“The expected contraction of the Russian economy coupled with rising unemployment and growing inflation risks will be the main factors affecting demand for office space this year as private sector starts supporting falling margins by means of cutting operational costs, such as labor and lease expenses. In that sense, corporates mostly exposed to the ongoing macro headwinds are those heavily affected by rouble devaluation, such as banks, financial institutions as well as companies with a large share of imports, such as car manufacturers, etc. At the same time, companies with a high share of denominated revenue (most exporters), as well as companies operating in the low price segment (most discounters) look relatively stronger in the current environment. Assuming a sizeable decrease in Russia GDP this year, the volumes of take-up are estimated to be close to 0.8-0.9m sq m (a 20-25% YoY decrease) which is comparable to the levels seen in 2009.” – commented Alexander Churikov, Head of Office, Occupier & Industrial Research, JLL, Russia & CIS.

Moscow office take-up and GDP long-term relation

Moscow office take-up and GDP long-term relation_21042015.png

Source: JLL

By the end of March, the overall vacancy rate in the Moscow office market stood at 17% compared to 16.6% seen in the previous quarter. The vacancy rate in Class A stood at the level close to 28% as it was by the end of Q4 2014.  Class B+ vacancy rate ticked up to 16% from 15.5% seen at the end of the last year.

The rental cost for Prime offices decreased over the past three months by USD60 and stood in the range of USD750–840 per sq m per year. Class A rents ranged between USD450 and USD650 and Class B+ between USD275–450 per sq m per year. In Moscow City area, rents ranged between USD 450–650 per sq m per year.

Elizaveta Golysheva, National Director, Deputy Head of Office Agency, JLL, Russia & CIS, said: “Commercial real estate has responded rapidly to the dislocation in the rest of the economy in particular pricing the weaker rouble. Nonetheless, the upper range of Class A rent (excluding Prime) is still under the pressure and could decrease further by another 7-10% by the end of 2015. In the current economic environment, most of the tenants that are trying to renegotiate the current lease terms, are seeking either a fixed currency corridor or switching to rouble denominated contracts. However, factors preventing a comprehensive shift to roubles in Class A remain dollar-denominated leverage amongst high-quality real estate developers, increasing inflationary pressure as well as a gradual rouble appreciation. For many tenants the current economic situation is seen as an opportunity to renegotiate existing lease terms or to relocate to more affordable premises of a better quality. In particular, over Q1 we observed an increase in interest from occupiers to the area of Moscow City resulted in several deals took place over the last quarter (in particular in OKO, Capital City and Eurasia Tower), yet about 42% of high quality office stock in the area is still vacant.”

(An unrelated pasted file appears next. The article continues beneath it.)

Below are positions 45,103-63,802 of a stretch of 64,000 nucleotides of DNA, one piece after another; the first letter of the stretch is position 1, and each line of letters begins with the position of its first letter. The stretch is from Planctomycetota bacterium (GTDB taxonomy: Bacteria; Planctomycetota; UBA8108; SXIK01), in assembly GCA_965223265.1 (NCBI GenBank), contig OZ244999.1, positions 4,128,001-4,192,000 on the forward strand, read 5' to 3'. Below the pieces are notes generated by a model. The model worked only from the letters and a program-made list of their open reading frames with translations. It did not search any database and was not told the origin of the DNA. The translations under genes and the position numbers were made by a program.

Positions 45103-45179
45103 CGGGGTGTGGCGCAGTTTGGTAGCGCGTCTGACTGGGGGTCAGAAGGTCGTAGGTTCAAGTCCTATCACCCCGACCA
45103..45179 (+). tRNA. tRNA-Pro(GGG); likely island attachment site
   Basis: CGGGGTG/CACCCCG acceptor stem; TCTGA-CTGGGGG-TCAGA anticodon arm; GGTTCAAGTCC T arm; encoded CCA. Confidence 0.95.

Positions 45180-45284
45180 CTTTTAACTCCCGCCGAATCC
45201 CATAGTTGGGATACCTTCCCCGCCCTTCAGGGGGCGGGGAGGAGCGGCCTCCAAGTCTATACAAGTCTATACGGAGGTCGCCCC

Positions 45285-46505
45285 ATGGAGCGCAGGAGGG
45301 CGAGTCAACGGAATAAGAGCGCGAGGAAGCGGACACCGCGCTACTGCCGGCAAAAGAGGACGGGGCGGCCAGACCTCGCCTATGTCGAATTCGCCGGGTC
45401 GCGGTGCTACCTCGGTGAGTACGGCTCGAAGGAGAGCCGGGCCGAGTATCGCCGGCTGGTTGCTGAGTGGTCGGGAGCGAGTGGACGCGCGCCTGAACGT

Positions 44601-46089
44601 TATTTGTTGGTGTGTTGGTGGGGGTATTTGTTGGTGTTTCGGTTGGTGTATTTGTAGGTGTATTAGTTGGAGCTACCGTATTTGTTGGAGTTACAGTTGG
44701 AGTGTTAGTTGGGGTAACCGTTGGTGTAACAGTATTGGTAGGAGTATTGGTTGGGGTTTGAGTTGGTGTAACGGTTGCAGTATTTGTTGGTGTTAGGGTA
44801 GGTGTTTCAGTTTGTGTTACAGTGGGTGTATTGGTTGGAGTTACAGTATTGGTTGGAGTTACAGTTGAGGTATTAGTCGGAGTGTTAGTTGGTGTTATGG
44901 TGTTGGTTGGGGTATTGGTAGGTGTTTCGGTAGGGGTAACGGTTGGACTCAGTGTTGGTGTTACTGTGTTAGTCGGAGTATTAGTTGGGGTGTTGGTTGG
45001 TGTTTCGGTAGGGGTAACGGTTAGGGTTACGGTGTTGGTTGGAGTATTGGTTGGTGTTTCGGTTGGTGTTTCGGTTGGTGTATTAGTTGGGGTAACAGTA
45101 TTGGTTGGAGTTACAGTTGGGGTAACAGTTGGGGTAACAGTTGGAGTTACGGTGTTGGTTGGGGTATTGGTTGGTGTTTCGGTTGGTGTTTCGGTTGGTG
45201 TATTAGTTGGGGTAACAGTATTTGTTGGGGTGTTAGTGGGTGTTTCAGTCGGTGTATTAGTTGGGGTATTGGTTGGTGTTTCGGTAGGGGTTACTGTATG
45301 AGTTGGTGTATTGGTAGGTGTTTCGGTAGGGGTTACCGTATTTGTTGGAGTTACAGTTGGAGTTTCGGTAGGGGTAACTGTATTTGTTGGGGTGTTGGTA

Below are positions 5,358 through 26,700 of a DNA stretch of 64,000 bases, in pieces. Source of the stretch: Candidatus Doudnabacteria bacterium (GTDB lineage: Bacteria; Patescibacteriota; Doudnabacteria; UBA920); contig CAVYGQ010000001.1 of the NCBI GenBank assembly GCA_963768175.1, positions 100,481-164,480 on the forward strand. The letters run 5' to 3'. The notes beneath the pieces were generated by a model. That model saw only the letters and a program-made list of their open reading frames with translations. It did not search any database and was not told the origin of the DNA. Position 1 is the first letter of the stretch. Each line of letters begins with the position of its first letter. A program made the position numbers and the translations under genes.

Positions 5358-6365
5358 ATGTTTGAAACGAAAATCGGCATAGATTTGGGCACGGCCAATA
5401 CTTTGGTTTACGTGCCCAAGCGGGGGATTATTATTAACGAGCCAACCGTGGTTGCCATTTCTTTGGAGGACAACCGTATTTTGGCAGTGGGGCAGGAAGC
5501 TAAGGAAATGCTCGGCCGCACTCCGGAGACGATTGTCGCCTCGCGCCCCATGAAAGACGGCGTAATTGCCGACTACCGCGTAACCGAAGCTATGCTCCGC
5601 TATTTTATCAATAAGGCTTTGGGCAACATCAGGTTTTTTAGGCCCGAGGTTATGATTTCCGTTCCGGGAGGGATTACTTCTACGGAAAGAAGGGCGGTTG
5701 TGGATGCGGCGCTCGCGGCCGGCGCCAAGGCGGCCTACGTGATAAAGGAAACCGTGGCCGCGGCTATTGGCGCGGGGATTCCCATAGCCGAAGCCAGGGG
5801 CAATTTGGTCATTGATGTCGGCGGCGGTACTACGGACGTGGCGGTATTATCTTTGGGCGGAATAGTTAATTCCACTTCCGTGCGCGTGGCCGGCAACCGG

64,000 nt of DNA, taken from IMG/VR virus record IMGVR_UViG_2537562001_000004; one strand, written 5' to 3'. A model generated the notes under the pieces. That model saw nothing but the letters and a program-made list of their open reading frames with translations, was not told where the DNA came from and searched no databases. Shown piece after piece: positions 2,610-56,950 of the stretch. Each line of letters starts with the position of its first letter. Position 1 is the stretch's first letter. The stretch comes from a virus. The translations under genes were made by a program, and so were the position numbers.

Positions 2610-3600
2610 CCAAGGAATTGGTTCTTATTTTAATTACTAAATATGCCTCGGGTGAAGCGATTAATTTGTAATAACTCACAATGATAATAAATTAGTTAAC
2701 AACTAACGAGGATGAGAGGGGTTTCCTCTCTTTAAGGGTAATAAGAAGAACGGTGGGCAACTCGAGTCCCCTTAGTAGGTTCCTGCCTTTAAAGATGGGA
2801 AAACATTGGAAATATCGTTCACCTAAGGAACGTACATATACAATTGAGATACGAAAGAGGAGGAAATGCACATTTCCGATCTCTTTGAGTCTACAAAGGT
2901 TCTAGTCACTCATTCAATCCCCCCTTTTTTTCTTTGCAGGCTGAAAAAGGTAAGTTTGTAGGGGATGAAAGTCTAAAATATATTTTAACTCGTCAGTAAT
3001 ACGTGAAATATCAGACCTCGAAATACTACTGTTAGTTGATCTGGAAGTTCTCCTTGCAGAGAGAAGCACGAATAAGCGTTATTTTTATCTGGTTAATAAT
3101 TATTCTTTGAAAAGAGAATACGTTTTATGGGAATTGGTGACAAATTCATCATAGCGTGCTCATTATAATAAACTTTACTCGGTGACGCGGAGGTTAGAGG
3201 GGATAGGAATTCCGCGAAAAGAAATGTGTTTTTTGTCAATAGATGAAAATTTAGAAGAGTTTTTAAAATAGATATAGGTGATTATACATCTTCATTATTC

About JLL

JLL (NYSE: JLL) is a professional services and investment management firm offering specialized real estate services to clients seeking increased value by owning, occupying and investing in real estate. With annual fee revenue of $4.7 billion and gross revenue of $5.4 billion, JLL has more than 230 corporate offices, operates in 80 countries and has a global workforce of approximately 58,000. On behalf of its clients, the firm provides management and real estate outsourcing services for a property portfolio of 3.4 billion square feet, or 316.0 million square meters, and completed $118 billion in sales, acquisitions and finance transactions in 2014. Its investment management business, LaSalle Investment Management, has $53.6 billion of real estate assets under management. JLL is the brand name, and a registered trademark, of Jones Lang LaSalle Incorporated.

In Russia and CIS JLL has offices in Moscow, St. Petersburg and Kiev. JLL, Russia & CIS was voted Consultant of the Year in 2004, 2006, 2007, 2008, 2009, 2010, 2011, 2012 , 2013 and 2014 at the Commercial Real Estate Awards, Moscow; Consultant of the Year at the Commercial Real Estate Awards 2009, St. Petersburg and The Best Real Estate Consultancy in Ukraine at the Ukrainian Property Awards in 2013.

For further information, visit www.jll.ru